Saturday, July 31, 2004


Atrios has two fine examples of the Bush Administration's Dark Underbelly (now that's a visual I wish I could recall...)

First there's this from Albuquerque: Want to see the Veep? First you have to sign the Loyalty Oath.

Some would-be spectators hoping to attend Vice President Dick Cheney's rally in Rio Rancho this weekend walked out of a Republican campaign office miffed and ticketless Thursday after getting this news:

Unless you sign an endorsement for President George W. Bush, you're not getting any passes.


John Sanchez, chairman of the Bush-Cheney '04 re-election effort in the Southwest, said he wasn't aware of the endorsement matter, adding, "I would be surprised" if it was happening. However, he said he works directly for the Bush-Cheney campaign and the rally is a Republican National Committee event.

An endorsement form provided to the Journal by Random says: "I, (full name) ... do herby (sic) endorse George W. Bush for reelection of the United States." It later adds that, "In signing the above endorsement you are consenting to use and release of your name by Bush-Cheney as an endorser of President Bush."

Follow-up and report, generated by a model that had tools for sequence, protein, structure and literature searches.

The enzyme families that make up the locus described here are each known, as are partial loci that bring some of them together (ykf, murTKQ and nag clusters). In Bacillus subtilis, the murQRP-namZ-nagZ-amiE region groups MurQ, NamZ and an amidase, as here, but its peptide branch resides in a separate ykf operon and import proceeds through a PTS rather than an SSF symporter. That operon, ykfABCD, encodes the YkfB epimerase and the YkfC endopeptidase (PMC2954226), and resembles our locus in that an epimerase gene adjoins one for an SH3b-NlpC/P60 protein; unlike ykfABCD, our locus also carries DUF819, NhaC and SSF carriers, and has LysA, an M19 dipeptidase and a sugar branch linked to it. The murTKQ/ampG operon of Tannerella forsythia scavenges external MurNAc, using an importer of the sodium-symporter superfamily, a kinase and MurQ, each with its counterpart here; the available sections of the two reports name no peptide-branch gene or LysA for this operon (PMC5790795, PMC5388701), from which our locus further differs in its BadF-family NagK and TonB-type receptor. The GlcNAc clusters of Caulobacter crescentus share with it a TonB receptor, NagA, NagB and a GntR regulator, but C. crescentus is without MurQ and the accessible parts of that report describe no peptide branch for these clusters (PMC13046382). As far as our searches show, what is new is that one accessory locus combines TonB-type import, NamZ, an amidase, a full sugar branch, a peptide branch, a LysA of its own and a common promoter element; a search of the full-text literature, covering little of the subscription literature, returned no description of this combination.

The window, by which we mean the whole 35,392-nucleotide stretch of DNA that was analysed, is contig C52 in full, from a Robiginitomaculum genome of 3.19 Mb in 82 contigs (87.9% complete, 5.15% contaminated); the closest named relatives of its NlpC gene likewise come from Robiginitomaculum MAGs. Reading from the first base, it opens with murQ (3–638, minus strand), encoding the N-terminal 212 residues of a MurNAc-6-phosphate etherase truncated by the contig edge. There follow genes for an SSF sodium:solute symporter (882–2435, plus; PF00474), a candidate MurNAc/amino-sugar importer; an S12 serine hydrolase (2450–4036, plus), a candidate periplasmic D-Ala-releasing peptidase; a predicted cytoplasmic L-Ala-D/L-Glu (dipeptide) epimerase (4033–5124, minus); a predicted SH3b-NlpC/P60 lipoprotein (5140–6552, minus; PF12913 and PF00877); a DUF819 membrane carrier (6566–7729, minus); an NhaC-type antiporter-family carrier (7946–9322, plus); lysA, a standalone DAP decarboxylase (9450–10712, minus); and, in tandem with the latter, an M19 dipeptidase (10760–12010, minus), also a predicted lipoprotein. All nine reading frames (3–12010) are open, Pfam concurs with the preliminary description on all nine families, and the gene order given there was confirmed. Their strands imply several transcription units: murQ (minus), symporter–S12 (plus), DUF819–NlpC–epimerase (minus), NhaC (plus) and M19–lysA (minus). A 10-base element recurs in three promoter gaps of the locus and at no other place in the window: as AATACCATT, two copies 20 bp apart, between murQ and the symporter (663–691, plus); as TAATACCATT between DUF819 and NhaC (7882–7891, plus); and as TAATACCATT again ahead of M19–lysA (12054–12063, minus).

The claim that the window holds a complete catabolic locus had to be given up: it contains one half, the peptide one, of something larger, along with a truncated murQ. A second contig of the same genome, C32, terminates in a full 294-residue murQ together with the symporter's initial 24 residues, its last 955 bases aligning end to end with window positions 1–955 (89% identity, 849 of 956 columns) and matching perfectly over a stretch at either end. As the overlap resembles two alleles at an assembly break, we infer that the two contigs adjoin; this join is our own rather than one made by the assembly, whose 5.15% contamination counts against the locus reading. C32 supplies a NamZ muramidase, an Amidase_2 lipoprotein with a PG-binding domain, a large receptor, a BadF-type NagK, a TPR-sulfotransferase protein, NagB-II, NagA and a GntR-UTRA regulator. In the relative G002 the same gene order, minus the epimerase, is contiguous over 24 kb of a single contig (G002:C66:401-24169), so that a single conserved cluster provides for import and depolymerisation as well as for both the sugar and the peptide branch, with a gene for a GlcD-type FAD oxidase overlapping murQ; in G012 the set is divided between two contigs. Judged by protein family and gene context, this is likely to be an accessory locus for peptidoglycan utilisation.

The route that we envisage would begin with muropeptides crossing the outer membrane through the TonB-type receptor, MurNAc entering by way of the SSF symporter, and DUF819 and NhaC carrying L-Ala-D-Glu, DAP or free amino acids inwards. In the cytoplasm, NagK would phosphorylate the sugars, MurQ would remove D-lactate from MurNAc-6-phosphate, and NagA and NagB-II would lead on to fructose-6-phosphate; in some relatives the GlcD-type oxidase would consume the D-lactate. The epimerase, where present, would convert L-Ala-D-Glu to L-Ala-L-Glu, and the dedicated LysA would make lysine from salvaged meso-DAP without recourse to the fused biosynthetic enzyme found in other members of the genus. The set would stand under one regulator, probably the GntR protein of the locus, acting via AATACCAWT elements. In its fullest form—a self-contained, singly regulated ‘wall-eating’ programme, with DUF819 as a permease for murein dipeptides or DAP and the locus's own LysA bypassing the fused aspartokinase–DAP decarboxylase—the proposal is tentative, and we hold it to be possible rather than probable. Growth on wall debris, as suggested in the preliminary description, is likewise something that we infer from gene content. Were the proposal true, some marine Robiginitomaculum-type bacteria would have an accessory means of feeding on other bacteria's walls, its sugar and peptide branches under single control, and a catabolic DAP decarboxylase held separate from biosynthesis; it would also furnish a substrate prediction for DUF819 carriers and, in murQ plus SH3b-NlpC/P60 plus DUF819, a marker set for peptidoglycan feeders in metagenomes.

Then there's this from the Arizona Sun-Star: Bush camp solicits race of Star staffer

President Bush's re-election campaign insisted on knowing the race of an Arizona Daily Star journalist assigned to photograph Vice President Dick Cheney


A rally organizer for the Bush-Cheney re-election campaign asked Teri Hayt, the Star's managing editor, to disclose the journalist's race on Friday. After Hayt refused, the organizer called back and said the journalist probably would be allowed to photograph the vice president


"All the information requested of staff, volunteers and participants for the event has been done so to ensure the safety of all those involved, including the vice president of the United States," he said.